Unemployed, overwhelmed by bills and struggling to feed herself, a young woman from Little Rock turned to sex work to make a living with no prior experience. 

When Godiva, who has requested to be identified by her work alias to protect her career and personal safety, began working in Little Rock as a prostitute, she did not know how to protect herself and was often taken advantage of for her lack of experience, she said.

“When I got into the business, I didn’t know anyone else that was doing it,” said Godiva, a 31-year-old Arkansas-based prostitute. “I made a lot of mistakes because I didn’t have any guidance.” 

Godiva has joined forces with fellow sex workers to form the Arkansas Sex Workers Union – something she thinks will keep people from making the same mistakes she did when she was starting out, she said. The union’s core value is prioritizing the needs of the most marginalized workers in the community. 

Though the union is still in early stages of development, Arkansas Sex Workers Union President Clay, who prefers to go by gender-neutral pronouns and is identified only by their first name to protect their career, has furthered the union’s progress by hiring union builders to create a community for the union. Clay is a dancer at a club in Central Arkansas.

Godiva’s role in the union is to provide fellow sex workers with advice on how to stay safe in their workplaces. Her focus on safety stems from her past experiences with aggressive clients, as well as the experiences of other sex workers, Godiva said. 

“There is no room in my house that doesn’t have some form of weapon that I can get to if the worst should happen,” Godiva said. 

The main focus of the union is to create a better quality of life for those in the sex work community either by choice or circumstance, Clay said. Members of the union aim to achieve this by hosting workshops, free HIV testing and connections to different healthcare providers.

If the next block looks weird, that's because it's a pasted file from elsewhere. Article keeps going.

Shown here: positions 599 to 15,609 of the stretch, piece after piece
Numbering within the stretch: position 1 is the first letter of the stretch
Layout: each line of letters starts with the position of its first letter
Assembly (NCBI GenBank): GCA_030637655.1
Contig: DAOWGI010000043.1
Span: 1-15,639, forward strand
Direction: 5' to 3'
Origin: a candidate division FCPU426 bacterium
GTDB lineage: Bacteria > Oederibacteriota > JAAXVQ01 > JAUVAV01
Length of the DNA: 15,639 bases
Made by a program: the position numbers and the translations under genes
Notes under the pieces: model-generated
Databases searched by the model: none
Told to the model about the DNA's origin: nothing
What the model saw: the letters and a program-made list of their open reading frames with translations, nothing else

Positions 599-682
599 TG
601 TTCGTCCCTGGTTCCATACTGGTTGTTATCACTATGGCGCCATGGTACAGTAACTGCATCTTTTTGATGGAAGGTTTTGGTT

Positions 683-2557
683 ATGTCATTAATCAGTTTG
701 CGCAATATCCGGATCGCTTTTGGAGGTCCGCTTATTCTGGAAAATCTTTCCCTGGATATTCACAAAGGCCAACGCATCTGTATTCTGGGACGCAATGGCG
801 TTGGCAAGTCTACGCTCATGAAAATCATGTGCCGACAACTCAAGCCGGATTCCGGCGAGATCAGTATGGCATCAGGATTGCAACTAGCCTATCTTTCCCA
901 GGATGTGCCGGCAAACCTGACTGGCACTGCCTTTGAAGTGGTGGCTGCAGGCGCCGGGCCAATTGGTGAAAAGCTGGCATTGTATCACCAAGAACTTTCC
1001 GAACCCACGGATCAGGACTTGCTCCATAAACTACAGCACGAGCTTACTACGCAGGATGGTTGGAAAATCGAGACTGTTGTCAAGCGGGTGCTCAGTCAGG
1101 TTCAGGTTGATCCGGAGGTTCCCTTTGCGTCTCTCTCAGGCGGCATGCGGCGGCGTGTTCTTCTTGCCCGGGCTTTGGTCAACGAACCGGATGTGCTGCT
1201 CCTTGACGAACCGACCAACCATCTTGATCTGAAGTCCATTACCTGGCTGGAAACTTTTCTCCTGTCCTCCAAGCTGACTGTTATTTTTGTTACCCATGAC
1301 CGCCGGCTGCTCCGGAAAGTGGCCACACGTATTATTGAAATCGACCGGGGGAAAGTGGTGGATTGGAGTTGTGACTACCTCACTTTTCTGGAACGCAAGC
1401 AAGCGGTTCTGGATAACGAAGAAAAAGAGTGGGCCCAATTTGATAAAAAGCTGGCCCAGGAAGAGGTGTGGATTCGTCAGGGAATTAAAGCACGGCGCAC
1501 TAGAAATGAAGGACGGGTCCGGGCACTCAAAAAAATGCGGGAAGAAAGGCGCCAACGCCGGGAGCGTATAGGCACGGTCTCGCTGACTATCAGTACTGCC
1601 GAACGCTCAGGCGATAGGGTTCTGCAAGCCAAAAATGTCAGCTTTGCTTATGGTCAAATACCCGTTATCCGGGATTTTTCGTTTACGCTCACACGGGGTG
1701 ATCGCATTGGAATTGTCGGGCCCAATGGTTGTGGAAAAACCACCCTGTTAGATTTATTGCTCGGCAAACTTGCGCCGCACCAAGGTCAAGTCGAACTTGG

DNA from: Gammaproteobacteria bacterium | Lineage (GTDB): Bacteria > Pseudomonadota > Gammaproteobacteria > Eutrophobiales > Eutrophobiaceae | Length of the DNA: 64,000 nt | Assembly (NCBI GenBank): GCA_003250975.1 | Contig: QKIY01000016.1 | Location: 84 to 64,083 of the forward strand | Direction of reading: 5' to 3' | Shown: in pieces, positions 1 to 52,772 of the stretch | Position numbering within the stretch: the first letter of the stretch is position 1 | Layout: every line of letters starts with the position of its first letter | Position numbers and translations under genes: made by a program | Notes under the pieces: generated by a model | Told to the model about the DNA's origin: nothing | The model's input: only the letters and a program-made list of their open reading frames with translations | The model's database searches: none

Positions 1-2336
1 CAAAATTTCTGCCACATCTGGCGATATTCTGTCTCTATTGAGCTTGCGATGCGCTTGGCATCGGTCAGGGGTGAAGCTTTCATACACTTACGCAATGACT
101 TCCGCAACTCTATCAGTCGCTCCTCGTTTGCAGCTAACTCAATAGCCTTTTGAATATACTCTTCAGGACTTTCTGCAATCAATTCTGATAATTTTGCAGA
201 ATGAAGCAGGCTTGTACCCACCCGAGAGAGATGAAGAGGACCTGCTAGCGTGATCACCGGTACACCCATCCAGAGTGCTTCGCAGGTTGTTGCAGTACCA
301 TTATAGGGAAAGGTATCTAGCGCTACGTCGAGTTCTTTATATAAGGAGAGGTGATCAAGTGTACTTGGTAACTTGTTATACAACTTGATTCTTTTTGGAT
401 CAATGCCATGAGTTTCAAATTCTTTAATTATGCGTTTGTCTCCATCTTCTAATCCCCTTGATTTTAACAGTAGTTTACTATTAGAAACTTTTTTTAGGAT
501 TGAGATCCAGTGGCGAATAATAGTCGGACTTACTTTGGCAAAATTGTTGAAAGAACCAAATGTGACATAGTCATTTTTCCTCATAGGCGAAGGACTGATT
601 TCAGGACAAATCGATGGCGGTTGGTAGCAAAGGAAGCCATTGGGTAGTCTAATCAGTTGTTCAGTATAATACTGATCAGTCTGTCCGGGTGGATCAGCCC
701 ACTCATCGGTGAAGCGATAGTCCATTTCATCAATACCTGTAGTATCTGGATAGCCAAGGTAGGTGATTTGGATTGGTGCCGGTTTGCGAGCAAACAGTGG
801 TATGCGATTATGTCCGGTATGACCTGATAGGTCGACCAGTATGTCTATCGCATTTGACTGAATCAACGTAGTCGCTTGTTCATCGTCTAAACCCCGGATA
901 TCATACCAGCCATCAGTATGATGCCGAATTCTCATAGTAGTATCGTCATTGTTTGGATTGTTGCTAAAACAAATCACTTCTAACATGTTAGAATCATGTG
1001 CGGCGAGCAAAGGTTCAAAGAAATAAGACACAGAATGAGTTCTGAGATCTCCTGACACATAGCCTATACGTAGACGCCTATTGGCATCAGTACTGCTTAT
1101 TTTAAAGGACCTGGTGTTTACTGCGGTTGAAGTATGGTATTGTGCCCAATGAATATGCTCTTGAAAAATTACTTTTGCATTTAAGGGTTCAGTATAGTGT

The definition of sex workers includes exotic dancers, webcam models, escorts and prostitutes, Clay said. 

This inclusive definition of sex work allows the union to conduct the majority of their outreach via word of mouth by members of the union. This style of outreach would help build the much-needed community for sex workers, Godiva said. 

By developing a community among sex workers, the union hopes to create a safe space for members to share advice on safety from experiences those who’ve been in the sex work industry have had, Godiva said.

Clay’s experience working in exotic dancing, which they think is the safest field of sex work, has opened their eyes to a lot of the issues that sex workers face in the industry, they said. These issues range from not receiving proper healthcare, because sex workers are independent contractors, to stigma placed on them by misguided outreach programs.

“I wanted to take some kind of action that is both for us and by us,” Clay said. 

By developing the union in Arkansas, rather than working through an out-of-state organization, Clay wants to build a union that truly represents those in the sex worker community, they said. Though Clay predicts the union will develop partnerships with other out-of-state organizations, the immediate goal is to focus on the needs of sex workers in Arkansas. 

“Current sex workers in the industry in Arkansas are the number one experts on what we need and what we don’t need,” Clay said.

Though the union’s current goal is to provide tools for safety and education to sex workers, members want to eventually decriminalize all forms of sex work, Clay said.

For now, Godiva wants the union to focus on resources they can offer that will make an immediate difference, she said. 

I’ve heard a lot of horror stories and I don’t want that to be the norm. I want people to feel safe,” Godiva said. “ I want this to be somewhere where people feel safe and that has their best interest at heart.”

Nathanael Davis is the photo editor for The Arkansas Traveler, where previously worked as a reporter, photographer and associate editor.

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